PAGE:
It appears from the evidence that Alexander MacLean started in the drug business in Chicago and formed a corporation for that purpose in 1908, the capital stock being $10,000, of which he owned 49 of the 100 shares. The business grew and the capital was increased from time to time and new drug stores were opened by the drug company. Alexander MacLean dominated the company until he sold out his interests January 1, 1924, to George R. Wood, his brother-in-law and husband of complainant, and his two nephews, Harry E. and Fred S. White. At that time the drug company operated about 15 drug stores in Chicago. Harry E. White, Fred S. White and George R. Wood came to Chicago and were employed by the drug company during the years 1910 and 1911. George R. Wood died January 13, 1927, and his 400 shares of stock in the drug company were bequeathed to the complainant, his widow. At the time in question there were 1,713 shares of common stock in the MacLean Drug Company, held as follows: Harry White 567 shares, Fred White 335 shares, Archibald Wood 186 shares, Alice White, wife of Harry E., 97 shares, Nina White, wife of Fred S., 28 shares, Mrs. Catherine Wood 500 shares.
For some time prior to the death of George R. Wood in January, 1927, Harry E. and Fred S. White, Archibald Wood and George R. Wood, his father, were all stockholders and were employed by the drug company at substantial salaries. George R. Wood was drawing $12,000 a year. Since 1923 it was the policy of the company to pay no dividends on the common stock, but a great part of the earnings were from time to time invested in opening new stores. At the time in question Harry E. White was president, Fred S. White vice president, and Archibald Wood secretary and treasurer of the company; they were also directors, and the business was dominated by the Whites. After George R. Wood died Harry E. White's salary was raised from $15,000 to $20,000, Fred S. White's from $10,800 to $15,000, and Archibald Wood's from $8,000 to $10,000 a year.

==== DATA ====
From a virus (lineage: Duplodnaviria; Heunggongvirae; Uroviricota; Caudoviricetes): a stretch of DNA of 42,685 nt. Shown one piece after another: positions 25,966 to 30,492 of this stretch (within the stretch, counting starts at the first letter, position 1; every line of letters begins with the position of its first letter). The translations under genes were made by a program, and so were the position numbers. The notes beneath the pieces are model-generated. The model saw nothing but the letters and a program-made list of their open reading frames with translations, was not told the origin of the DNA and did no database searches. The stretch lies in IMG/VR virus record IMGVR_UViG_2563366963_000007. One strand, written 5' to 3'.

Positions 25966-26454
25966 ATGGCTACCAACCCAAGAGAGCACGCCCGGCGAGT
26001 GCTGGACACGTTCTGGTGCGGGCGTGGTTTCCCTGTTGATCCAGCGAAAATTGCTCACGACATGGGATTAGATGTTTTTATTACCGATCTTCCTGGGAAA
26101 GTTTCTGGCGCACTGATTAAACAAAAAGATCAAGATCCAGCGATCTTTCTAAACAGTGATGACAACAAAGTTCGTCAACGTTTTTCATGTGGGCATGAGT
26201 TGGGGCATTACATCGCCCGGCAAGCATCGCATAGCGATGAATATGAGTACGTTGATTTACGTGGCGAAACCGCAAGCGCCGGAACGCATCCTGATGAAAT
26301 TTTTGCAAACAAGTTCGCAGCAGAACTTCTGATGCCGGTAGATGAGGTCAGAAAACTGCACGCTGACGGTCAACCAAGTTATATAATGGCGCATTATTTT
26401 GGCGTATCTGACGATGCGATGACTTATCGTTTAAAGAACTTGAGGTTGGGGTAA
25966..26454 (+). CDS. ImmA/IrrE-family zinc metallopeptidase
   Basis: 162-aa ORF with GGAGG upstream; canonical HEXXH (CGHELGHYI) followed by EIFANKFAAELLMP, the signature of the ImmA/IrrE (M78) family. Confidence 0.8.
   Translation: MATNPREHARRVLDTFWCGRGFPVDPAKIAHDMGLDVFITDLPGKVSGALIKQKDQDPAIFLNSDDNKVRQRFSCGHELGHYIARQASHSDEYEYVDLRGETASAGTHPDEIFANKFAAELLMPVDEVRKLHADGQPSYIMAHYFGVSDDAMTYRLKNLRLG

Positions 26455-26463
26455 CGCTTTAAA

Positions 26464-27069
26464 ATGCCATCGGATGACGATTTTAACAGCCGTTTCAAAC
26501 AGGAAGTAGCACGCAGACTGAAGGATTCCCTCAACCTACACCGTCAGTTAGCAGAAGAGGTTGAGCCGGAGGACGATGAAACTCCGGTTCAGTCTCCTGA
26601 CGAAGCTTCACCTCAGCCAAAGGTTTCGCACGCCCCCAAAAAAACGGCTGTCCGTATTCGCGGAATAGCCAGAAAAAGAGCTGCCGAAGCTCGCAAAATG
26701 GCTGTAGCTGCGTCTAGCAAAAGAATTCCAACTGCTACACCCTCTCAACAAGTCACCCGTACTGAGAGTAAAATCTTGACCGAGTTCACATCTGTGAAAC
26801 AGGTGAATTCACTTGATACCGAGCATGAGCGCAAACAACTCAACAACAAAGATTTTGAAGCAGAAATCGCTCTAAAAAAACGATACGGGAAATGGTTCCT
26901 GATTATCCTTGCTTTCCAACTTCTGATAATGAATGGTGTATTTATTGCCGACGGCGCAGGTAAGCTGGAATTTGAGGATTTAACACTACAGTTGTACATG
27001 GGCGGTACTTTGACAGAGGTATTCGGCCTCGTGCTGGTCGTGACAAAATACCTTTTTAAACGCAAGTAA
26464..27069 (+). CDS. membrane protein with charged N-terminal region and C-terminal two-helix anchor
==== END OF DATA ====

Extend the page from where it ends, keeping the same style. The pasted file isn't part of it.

The evidence further shows that Catherine Wood after the death of her husband had very little income; that the principal part of her property was the 500 shares of stock of the drug company, on which no dividends were being paid. She was desirous of disposing of her stock to the company or to the Whites and the matter was taken up with them by Mrs. Wood; later her brother, the founder of the drug company, Alexander MacLean, came to Chicago and endeavored to induce the Whites, or the drug company, to buy Mrs. Wood's stock. From time to time such negotiations were had by Mrs. Wood through her attorneys, D'Ancona Pflaum. The Whites agreed to pay the book value of the stock and this was ascertained to be somewhat in excess of $200 a share. A number of draft agreements were prepared whereby complainant was to receive about $12,000 in cash and $100,000 of preferred stock, and there was a provision in these tentative agreements that in case the drug stores were sold within a year Mrs. Wood was to receive her share as though she still owned the stock. When the final draft of the agreement to purchase and sell the 500 shares of stock was prepared it was suggested that instead of paying for the stock in preferred stock and $12,000 cash, Mrs. Wood be paid $100,000 in cash. After considering this proposition for about a day it was accepted by Mrs. Wood, and on August 9 there was a special meeting of the directors of the drug company, at which Harry E. White, Fred S. White and Archibald M. Wood, being a majority of the directors, were present. A resolution was unanimously passed that the MacLean Drug Company purchase the 500 shares of stock of Catherine Wood for $100,000 in cash. Thereupon the drug company borrowed $50,000 and through the sale of securities obtained the other $50,000. On August 11, the money was paid to Mrs. Wood and the stock delivered by her. Thereupon she left for California to visit a sister who was seriously ill.